The Fuquay-Varina Board of Commissioners passed a resolution in support of the proposed $810 million schools construction bond. The Morrisville Town Council may follow suit soon.
But most governing municipal boards in western Wake County haven’t weighed in to voice support or opposition to the Oct. 8 referendum.
Boards in Holly Springs, Apex and Cary have been mum. None has immediate plans to pass resolutions, according to officials.
Cary Mayor Harold Weinbrecht said it’s unlikely that some of the larger municipalities will vote on whether to support the bond.
“We usually don’t as a practice pass resolutions on controversial issues, especially when it comes to another governing body,” he said. “It’s like telling another governing body this is how you should do your job.”
But Weinbrecht said he personally supports the school bond.
“I think it’s essential for this region,” he said. “It’s a no-brainer. We are already so far behind. Our schools are overcrowded. Our teachers are underpaid. If we don’t, it will not only hurt our students, it’ll hurt economic development.”
Wake schools want to spend a total of $939.9 million to build 11 new elementary schools, three middle schools and two high schools, and also renovate several existing schools.
The school system expects to add about 20,000 students by 2018.
Fuquay-Varina commissioners unanimously approved a resolution Sept. 3 in support of the bond as a way to tell Wake County officials that they were in favor of good public schools, said Mayor John Byrne.
“I think it’s the right thing to do in Wake County, for the children of Wake County,” Byrne said. “You need more rooms, more facilities. If we look at the growth indicators … we’re growing dramatically. Even during the economic downturn we continue to grow. We’ll build close to 500 homes this year in Fuquay-Varina. And that’s pretty substantial.”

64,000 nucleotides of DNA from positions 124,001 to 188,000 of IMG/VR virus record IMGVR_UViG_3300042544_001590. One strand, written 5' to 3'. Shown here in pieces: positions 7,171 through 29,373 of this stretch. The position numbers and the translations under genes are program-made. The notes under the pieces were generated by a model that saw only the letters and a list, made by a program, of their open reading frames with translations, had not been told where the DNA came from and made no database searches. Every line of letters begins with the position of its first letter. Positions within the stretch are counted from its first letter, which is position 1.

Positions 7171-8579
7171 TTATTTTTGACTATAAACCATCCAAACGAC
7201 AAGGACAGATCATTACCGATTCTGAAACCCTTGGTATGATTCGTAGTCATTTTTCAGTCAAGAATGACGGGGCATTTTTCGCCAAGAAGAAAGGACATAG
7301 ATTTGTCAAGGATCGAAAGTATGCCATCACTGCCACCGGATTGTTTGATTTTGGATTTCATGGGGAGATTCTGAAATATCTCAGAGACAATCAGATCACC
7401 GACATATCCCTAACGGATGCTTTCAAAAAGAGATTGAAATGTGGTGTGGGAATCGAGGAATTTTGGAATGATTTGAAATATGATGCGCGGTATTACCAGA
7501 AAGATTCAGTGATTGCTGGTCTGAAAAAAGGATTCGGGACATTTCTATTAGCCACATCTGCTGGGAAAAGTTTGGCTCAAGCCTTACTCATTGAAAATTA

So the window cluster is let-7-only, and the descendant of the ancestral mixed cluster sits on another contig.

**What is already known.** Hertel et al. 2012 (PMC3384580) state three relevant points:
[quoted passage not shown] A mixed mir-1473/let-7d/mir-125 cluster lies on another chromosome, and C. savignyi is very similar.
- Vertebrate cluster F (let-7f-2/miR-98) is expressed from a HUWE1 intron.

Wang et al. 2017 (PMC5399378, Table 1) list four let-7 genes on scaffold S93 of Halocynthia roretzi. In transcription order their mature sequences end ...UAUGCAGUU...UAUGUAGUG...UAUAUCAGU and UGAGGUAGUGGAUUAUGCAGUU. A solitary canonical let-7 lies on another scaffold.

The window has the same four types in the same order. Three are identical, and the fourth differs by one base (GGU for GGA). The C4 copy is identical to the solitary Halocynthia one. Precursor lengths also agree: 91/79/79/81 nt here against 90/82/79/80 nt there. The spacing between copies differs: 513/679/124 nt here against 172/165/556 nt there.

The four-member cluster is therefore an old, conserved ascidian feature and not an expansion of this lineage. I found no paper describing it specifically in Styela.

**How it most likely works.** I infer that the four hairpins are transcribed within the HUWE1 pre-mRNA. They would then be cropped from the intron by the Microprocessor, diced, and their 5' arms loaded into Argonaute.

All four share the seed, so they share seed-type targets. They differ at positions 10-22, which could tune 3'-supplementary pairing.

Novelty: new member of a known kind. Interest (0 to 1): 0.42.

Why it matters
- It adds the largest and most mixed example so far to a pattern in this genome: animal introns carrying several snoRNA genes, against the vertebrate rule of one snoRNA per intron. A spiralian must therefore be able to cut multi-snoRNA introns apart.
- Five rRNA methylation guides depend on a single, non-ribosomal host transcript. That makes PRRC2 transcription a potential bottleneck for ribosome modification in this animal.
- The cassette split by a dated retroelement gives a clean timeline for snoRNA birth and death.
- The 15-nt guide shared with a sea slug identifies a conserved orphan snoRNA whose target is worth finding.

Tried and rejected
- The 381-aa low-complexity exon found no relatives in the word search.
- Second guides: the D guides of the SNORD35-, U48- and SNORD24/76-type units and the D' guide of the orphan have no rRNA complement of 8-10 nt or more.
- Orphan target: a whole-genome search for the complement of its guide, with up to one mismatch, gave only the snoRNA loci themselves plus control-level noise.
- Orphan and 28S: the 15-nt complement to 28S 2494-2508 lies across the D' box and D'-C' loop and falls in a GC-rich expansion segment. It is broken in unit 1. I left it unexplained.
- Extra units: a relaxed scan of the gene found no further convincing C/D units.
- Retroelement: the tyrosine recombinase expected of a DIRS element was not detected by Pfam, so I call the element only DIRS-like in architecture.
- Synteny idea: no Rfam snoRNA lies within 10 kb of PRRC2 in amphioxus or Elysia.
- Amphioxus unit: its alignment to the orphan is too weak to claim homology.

It was Fuquay-Varina Commissioner Cindy Sheldon’s idea to pass a resolution.
“We have a lot of expansion in our schools in Fuquay-Varina due to growth,” Sheldon said. “We don’t want to continue to see our schools crowded. It’s just time, and the citizens need to support it so the schools can do what they need to do.”
Morrisville Town Councilman Michael Schlink wants his town board to pass a resolution in hopes of bringing a middle school or high school within the town’s borders. The council could consider a resolution around the end of the month, he said.
When a school is built, Schlink hopes it will be a STEM school that focuses on science, technology, engineering and math..
“We’re the only town in Wake County without a middle school or a high school,” Schlink said, adding that he is in the process of starting an online petition.
Since the 1976 merger of the Wake County and Raleigh city school systems, voters have approved seven of eight bond referendums for schools.
The one defeat came in 1999, when voters overwhelmingly rejected a $650 million bond issue. A scaled-back $500 million bond issue was approved by voters in 2000.
This year, the bond has supporters and critics.
Leaders of the Wake County Taxpayers Association say the school system can get by the next few years by using $129.9 million in cash the county has on hand for school construction and $43.8 million in previously issued school bonds.
The Apex Chamber of Commerce, meanwhile, has thrown its support behind the bonds.
“A great education system is the foundation of our community, thus as business leaders we support the school bond in order to maintain the excellence of our schools,” Dave Cozzarelli, chairman of the Apex chamber, said in a statement released last month.
Staff writer T. Keung Hui contributed to this report.